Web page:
Behind the conveyors: Unpacking the pros and cons of airport stores.


In the dynamic world of retail, two seasoned experts, Glynn Davis and Matthew Valentine, go head-to-head each month. With sharply contrasting opinions, they dissect the hottest retail topics.

This month, they spar over airport stores.

Get ready for Glynn Davis and Matthew Valentine’s clash of perspectives in this edition of “Retail Face-Off.”

Cons by Matthew Valentine:


All stores exist to make money, but airport stores can feel like a cynical ploy to exploit a captive audience.


In theory, airport retailing should be a good thing. In practice it’s usually a poor distraction from the grind of modern air travel. Travellers are left with the feeling that airport retailing is a cynical effort to part them from their money when they are stuck at a transport hub.


Picture a scenario: you are travelling with your family, including a couple of already bored children. You have endured the stressful process of packing the bags and loading the car, then a three hour drive in heavy traffic to reach the airport. You have been relieved of parking fees that represent the price of a secondhand hatchback, waited for a crowded bus from the car park to the departure terminal, waited again to check in your bags, then queued to go through security checks. You have apologised for your youngest child, who was secretly carrying scissors.


Ready for something – anything – uplifting you emerge into a compulsory one-way trail through an endless duty free shop. Here you fend off requests for enormous gift boxes of chocolates or sweets which your children want to eat in the confined space of an eight hour flight, and carry everybody’s hand luggage while your partner examines perfume/watches/single malt at great length. They eventually decide to make any purchases on the return leg of the journey, just as you trip over somebody else’s wheeled suitcase.


Finally getting to the departure lounge you begin a slow trudge around further expensive stores before asking for a divorce, or pretending to suffer a medical emergency, so that you can sit down. Eventually you will be left, with the bags again, in an adult creche facility (a bar) to wait for the flight to be announced. Your family, which normally shops in Aldi, will be window shopping at the Cartier store. You hope they won’t buy anything this time.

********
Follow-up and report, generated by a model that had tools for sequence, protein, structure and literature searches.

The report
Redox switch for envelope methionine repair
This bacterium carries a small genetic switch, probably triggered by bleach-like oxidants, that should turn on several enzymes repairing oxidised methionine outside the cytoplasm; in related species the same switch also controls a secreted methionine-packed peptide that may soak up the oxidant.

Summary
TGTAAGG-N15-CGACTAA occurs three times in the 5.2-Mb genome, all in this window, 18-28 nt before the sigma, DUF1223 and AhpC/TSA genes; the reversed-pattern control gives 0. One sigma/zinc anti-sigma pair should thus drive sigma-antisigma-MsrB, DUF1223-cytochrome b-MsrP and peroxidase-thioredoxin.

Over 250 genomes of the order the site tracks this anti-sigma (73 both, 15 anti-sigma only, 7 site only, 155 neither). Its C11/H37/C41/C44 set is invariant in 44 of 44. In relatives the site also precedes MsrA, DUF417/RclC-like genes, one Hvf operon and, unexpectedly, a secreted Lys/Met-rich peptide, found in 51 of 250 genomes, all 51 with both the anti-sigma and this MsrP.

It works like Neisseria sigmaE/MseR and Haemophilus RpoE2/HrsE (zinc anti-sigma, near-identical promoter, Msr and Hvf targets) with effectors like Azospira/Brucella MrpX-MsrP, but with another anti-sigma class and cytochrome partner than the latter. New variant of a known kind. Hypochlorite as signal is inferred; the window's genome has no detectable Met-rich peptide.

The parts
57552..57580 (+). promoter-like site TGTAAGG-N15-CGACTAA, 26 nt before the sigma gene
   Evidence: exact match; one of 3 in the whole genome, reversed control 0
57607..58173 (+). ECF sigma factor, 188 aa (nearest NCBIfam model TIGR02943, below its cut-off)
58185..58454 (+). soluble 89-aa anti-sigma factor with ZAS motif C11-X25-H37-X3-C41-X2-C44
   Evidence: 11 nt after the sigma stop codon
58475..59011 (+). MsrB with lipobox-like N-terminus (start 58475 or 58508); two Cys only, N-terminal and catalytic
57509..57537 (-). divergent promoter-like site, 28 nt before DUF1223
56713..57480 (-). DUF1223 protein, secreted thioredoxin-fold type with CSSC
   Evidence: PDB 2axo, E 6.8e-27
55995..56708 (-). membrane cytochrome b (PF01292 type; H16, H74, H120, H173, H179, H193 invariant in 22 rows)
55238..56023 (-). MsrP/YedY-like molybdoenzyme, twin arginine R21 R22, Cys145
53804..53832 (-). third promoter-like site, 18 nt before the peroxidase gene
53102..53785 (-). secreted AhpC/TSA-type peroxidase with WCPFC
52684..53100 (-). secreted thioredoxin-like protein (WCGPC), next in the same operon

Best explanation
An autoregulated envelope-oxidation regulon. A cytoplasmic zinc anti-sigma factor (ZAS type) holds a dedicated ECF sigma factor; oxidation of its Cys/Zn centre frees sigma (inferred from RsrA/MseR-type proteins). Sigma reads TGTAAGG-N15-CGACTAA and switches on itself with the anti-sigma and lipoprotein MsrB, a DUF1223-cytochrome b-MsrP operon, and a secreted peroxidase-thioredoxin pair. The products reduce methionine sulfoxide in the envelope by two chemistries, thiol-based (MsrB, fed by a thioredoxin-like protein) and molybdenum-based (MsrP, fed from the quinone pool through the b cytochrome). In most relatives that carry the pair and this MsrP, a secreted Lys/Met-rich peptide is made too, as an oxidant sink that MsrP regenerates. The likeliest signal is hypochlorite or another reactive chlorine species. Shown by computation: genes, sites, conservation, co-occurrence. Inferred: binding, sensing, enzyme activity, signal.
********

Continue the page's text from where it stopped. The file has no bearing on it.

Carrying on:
You can see why people look forward to the shops at the airport. Some people, that is. For the rest, airports feel like a cynically-designed shopping centre that you are forced to spend time in, after demands that you check in early for your flight.


For these people, it is impossible to separate the stores, no matter how attractive, from the wider experience of travelling – the queues, the crowds, the delays and the stress. The shops cannot be enjoyed in isolation, because they come with a lot of context.


Opting out of the shopping, or from some kind of consumption, is difficult. Simply sitting still with a book involves an uncomfortable metal chair, surrounded by empty food packaging and other people’s children.


Airport travellers are the ultimate captive audience, and most people don’t enjoy the sensation of being captive. Yet airport stores emphasise that experience. Travellers sense the retailers rubbing their hands together at the prospect of sales, rather than offering them something that would ease their journey.


So what is the alternative? Stores at airports need to make people feel they are being enticed inside, rather than forced. The stores should soothe or entertain, rather just bombard customers with brand names and bright lights.